When I did get there, I stopped, had a look around and sat down, again! My head was spinning, my legs were elsewhere for the time being and I felt sick. What had I done leading up to this point to make me feel so rubbish? Was it the glass of wine I had the previous night? Was it the stresses of the previous week? Was it my stupid pace at the start? I dare say it was a combination of all.

Feeling exhausted at Tennyson Monument
Freshwater Bay

All I needed to do was make it down the hill into Freshwater Bay. It wasn’t pretty. I stumbled down the hill, moaning and groaning as I went. Thank God nobody was around to witness this pitiful display. Once in Freshwater, I sat, was sick and waited for my lift home. The sun was warm and it was peaceful. All I could hear was the water lapping the shore. Glad to finish and then here was Caroline to come and pick up the pieces yet again ❤️

A friendly boost

One of the best things about these marathons in this time of lockdown, no, THE best thing, is the support I’m getting from friends. The hand made medals have been a real treat at the end. This week I received a hand made mini-me from the lovely David and Alice Baker 😊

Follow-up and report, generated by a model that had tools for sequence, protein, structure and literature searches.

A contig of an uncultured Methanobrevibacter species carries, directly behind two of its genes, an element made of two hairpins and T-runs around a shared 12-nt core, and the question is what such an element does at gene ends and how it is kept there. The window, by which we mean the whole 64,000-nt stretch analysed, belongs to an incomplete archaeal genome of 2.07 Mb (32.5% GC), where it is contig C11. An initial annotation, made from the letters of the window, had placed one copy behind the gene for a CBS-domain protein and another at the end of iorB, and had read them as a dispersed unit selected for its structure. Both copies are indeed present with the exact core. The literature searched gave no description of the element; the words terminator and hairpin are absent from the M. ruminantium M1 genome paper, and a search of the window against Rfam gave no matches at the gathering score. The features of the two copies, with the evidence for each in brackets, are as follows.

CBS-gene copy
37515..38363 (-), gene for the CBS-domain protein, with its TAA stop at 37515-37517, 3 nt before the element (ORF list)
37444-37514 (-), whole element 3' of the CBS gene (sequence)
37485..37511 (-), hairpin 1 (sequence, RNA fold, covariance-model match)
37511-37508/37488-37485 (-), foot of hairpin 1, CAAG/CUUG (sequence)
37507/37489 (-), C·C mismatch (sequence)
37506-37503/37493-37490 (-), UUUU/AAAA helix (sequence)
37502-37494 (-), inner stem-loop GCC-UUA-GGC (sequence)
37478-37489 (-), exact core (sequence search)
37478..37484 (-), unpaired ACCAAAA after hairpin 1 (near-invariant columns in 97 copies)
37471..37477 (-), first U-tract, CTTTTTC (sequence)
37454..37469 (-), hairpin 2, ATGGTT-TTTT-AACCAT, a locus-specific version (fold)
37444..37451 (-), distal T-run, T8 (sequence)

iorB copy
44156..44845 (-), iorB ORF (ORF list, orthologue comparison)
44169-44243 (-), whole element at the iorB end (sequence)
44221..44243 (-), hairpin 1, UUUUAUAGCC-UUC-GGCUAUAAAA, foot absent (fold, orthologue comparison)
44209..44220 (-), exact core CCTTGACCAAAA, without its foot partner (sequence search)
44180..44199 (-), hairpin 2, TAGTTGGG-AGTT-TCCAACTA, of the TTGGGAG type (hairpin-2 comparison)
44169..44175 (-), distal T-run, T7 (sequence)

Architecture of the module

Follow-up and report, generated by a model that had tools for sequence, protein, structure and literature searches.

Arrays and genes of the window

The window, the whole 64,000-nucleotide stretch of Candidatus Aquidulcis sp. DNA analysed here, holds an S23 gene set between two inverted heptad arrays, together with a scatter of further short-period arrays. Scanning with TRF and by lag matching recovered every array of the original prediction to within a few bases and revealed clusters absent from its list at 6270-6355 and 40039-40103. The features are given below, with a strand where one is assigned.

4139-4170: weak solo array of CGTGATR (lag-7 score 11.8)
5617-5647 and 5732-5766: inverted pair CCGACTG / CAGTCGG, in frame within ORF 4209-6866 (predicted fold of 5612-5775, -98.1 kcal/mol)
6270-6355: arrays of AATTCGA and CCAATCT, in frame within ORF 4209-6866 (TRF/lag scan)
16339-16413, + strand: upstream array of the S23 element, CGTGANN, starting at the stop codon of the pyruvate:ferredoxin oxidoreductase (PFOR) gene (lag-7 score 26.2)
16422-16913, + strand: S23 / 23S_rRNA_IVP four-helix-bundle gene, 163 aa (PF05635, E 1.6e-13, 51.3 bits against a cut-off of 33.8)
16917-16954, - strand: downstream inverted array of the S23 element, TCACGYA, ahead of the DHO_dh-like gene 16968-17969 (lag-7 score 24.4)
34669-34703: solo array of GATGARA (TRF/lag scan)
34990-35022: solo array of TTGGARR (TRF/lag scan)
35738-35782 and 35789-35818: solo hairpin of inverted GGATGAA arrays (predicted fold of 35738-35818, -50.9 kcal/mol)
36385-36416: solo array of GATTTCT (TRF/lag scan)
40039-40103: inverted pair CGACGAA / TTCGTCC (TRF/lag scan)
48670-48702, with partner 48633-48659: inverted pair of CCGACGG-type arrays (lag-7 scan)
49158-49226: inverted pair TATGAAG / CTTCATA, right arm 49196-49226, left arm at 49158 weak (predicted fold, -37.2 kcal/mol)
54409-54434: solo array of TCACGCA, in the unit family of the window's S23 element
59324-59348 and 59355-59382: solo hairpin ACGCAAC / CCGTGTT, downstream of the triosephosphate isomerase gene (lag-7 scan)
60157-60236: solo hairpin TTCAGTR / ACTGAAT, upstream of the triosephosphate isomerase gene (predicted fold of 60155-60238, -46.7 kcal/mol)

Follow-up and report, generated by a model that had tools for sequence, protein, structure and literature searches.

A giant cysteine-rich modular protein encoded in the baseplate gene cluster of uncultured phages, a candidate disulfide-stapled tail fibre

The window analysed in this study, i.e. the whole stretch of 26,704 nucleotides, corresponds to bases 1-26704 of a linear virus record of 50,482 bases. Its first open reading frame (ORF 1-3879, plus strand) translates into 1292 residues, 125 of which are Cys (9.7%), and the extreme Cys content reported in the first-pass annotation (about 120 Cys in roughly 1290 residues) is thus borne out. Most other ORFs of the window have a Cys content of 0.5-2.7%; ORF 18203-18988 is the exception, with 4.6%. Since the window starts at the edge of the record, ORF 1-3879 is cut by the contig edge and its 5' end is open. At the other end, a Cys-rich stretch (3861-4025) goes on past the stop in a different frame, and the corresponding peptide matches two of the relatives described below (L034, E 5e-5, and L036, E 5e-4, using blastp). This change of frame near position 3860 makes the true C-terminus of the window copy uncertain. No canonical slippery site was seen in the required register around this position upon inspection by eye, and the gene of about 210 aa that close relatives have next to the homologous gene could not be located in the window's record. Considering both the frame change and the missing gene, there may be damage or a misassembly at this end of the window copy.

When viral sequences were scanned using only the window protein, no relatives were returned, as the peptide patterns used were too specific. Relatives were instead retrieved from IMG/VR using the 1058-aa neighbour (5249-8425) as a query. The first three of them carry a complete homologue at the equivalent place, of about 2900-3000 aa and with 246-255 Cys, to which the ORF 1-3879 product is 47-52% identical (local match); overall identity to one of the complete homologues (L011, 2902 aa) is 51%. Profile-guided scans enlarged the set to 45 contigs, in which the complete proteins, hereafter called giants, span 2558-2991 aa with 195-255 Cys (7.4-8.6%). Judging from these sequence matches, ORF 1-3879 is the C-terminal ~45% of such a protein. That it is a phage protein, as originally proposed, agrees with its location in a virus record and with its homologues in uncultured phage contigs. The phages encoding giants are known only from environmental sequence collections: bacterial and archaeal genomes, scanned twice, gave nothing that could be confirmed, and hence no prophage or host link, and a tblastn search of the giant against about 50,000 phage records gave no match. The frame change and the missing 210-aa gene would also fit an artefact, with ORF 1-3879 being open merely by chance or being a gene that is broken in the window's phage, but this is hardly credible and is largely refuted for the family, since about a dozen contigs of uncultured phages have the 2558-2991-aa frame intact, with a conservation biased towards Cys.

I was supposed to be running the Brighton marathon with Dave and once it was postponed we decided to still run together on the Island. But the ferries have all pretty much stopped so that put a stop to our plan. Dave ran his own marathon yesterday, supported by Alice in the last 12k. It would have been lovely to run with them today. I loved receiving their medal at the end.

Next week should be the Southampton marathon. But it will be another virtual run. Need to get planning!







I am running these marathons to raise money for Mind. If you like what I’m doing and would like to donate you can go to my Just Giving page below.